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Ethics of Therapeutic Boundaries and Dual & Multiple Relationships in Recovery, 12 Step, and Substance Abuse Rehabilitation Communities

Resources & References

By Ofer Zur, Ph.D.
 

This page provides an overview and resources regarding the unavoidable complex therapeutic boundaries and the ethics of unavoidable and not uncommon multiple relationships in recovery, 12 step, and substance abuse rehabilitations communities.

 

Overview on Dual Relationships in Recovery Programs

Before the term dual relationships became well known, recovering mental health professionals were referred to as "two-hatters" in the AA community because they wore two hats, one as the counselor and one as the person in recovery. Many rehabilitation psychotherapists are actively in recovery for themselves, so it is not uncommon that they encounter current or former clients at 12 step meetings, Rational Recover, or other recovery gatherings. Not only does this often create unavoidable dual relationships between client and therapist, these boundary crossing relationships are reported to have positive effects on clients as therapists model, encourage and support their sobriety via 12 step programs. Bissell and Royce (1987) referred to this form of multiple relationships by saying, "Today's patient in treatment becomes tomorrow's peer at A.A." (p. 35). Consider the following example. A client has a therapist in a residential rehabilitation program. After he has completed his 28 day program he attends outpatient AA meetings and sees the therapist there as a member. The client attends a program to be trained as a therapist and gets a job at the original 28 day program which makes him a professional colleague working side by side with his prior therapist with whom he fellowships at a 12 step meeting. Dual relationships are rooted in treatment recommendations of maintaining involvement in recovery community. Tongue in cheek, we can think of many hat combinations.

 

Online Resources for Multiple Relationships in Recovery Programs

 
Confidentiality and Privilege in Recovery Programs

  • Alcoholics Anonymous. Understanding Anonymity. Retrieved from http://www.soberrecovery.com.
  • Behnke, S. (2004). Multiple relationships and APA's new Ethics Code: Values and applications. Ethics Rounds, 35(1), 66-66.
  • Coleman, P. (2005). Privilege and confidentiality in 12-step self-help programs: Believing the promises could be hazardous to an addict's freedom. The Journal of Legal Medicine, 26(4), 435-474.
  • Jaffee v. Redmond (95-266), 518 U.S. 1 (1996).
  • Kaplan, L.E. (2005). Dual Relationships: The Challenges for Social Workers in Recovery. Journal of Social Work Practice in the Addictions, 5/3.
  • Nardone, N.A. (2006). Analyzing the Pros and Cons of Multiple Relationships Between Chemical Addiction Therapists and their Clients. Journal of Addictive Disorders. Retrieved from: http://www.breining.edu.
  • Remley, T. P., Herlihy, B., & Herlihy, S. B. (1997). The US Supreme Court decision in Jaffee v. Redmond: Implications for counselors. Journal of Counseling & Development, 75(3), 213-218.
  • Sex Addicts Anonymous. Group Guide: Handbook for SAA Groups. Retrieved July 05, 2017, from http://saa-recovery.org/Meetings/GroupGuide/SAA_Group_Guide.pdf.
  • Sex Addicts Anonymous (2017). Sex Addicts Anonymous, 3rd Edition.
  • Silberstein, A, & Lindsey Boone, L. (2017). Multiple Relationships in Recovery Communities.(pp. 130-140) In O. Zur, (Ed.) Multiple Relationships in Psychotherapy and Counseling: Unavoidable, Common and Mandatory Dual Relations in Therapy. New York: Routledge.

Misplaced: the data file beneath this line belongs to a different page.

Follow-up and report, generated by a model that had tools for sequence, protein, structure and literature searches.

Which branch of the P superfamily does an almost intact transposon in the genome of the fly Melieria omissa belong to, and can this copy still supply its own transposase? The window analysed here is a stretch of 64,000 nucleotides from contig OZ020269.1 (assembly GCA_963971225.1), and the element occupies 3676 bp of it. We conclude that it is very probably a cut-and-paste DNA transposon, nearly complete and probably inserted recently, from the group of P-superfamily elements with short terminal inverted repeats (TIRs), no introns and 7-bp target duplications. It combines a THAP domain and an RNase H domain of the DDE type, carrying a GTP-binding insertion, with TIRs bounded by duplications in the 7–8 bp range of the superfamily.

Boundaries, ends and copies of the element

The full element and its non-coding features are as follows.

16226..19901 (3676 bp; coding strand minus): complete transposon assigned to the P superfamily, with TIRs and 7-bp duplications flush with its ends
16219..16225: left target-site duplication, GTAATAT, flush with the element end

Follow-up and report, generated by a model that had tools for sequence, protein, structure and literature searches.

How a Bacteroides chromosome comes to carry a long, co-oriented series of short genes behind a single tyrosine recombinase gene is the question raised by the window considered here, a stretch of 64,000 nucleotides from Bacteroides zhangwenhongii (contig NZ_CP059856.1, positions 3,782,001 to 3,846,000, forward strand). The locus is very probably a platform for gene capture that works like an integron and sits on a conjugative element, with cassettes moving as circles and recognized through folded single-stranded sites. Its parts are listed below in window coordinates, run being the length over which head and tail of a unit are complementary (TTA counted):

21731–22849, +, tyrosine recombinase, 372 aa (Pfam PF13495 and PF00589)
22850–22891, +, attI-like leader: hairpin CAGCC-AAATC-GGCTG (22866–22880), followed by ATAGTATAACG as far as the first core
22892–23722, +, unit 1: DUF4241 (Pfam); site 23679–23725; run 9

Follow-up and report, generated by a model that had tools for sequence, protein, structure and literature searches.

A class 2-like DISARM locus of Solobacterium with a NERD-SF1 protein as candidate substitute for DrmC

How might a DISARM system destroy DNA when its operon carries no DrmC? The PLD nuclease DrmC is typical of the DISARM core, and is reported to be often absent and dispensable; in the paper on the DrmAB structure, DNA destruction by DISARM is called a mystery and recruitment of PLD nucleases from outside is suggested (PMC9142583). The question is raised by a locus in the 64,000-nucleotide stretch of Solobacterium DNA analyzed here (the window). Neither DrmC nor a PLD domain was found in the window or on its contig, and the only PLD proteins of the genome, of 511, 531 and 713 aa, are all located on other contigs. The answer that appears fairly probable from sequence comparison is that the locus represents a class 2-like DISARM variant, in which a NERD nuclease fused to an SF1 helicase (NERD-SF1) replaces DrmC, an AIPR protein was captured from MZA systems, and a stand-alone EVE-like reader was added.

• Weiss, R. Does Therapist-Patient Confidentiality and Privilege Extend to 12-Step Programs? Retrieved from https://blogs.psychcentral.com/
  • Zur, O. (2014). Not all multiple relationships are created equal: Mapping the Maze of 26 Types of Multiple Relationships. The Independent Practitioner, 34 (1), 15-22.

 
References on Multiple/Dual Relationships in Recovery Programs

  • Barker, M. (1966).The ethical Two-hater. The Counselor, 14(3),15-16.
  • Bissell, L., & Royce, I. (1987). Ethics for addiction professionals. Center City, MN: Hazelden Foundation.
  • Demask, M. & Washington, D., Legal and Ethical Issues for Addiction Professionals, Pamphlet published by Hazelden Essentials for Professionals.
  • Doyle, K. (1997) Substance Abuse Counselors in Recovery: Implications for the Ethical Issue of Dual Relationships. Journal of Counseling & Development, 75/ 6, pages 428–432.
  • Gass, M. A. (1993). Adventure therapy: Therapeutic applications of adventure programming. Dubuque, IA: Kendall/Hunt.
  • Hollander J. K., Bauer S, Herlihy B., et al. (2006). Beliefs of board certified substance abuse counselors regarding multiple relationships. J Mental Health Counseling; 28:84-94.
  • Kaplan, L. E. (2005). Dual relationships: the challenges for social workers in recovery. Journal of Social Work Practice in the Addictions (accessed July 27, 2016).
  • Nardone, N. A. (2006). Analyzing the pros and cons of multiple relationships between chemical addiction therapists and their clients. Journal of Addictive Disorders. Retrieved from: http://www.breining.edu (accessed July 27, 2016).
  • Silberstein, A. & Boone, L., (2017). Multiple Relationships in Recovery Communities. In Zur, O. (Ed.) Multiple Relationships in Psychotherapy and Counseling: Unavoidable, Common and Mandatory Dual Relations in Therapy. New York: Routledge.
  • St. Germaine, J. (1996) Dual Relationships and Certified Alcohol and Drug Counselors. Alcoholism Treatment Quarterly 14(2): 29-44.
  • White, W. (1933). Critical incidents: Ethical issues in substance abuse prevention and treatment. Blomington, IL: Lighthouse Training Institute.

Extensive Reference List on Dual and Multiple Relationships in Psychotherapy & Counseling

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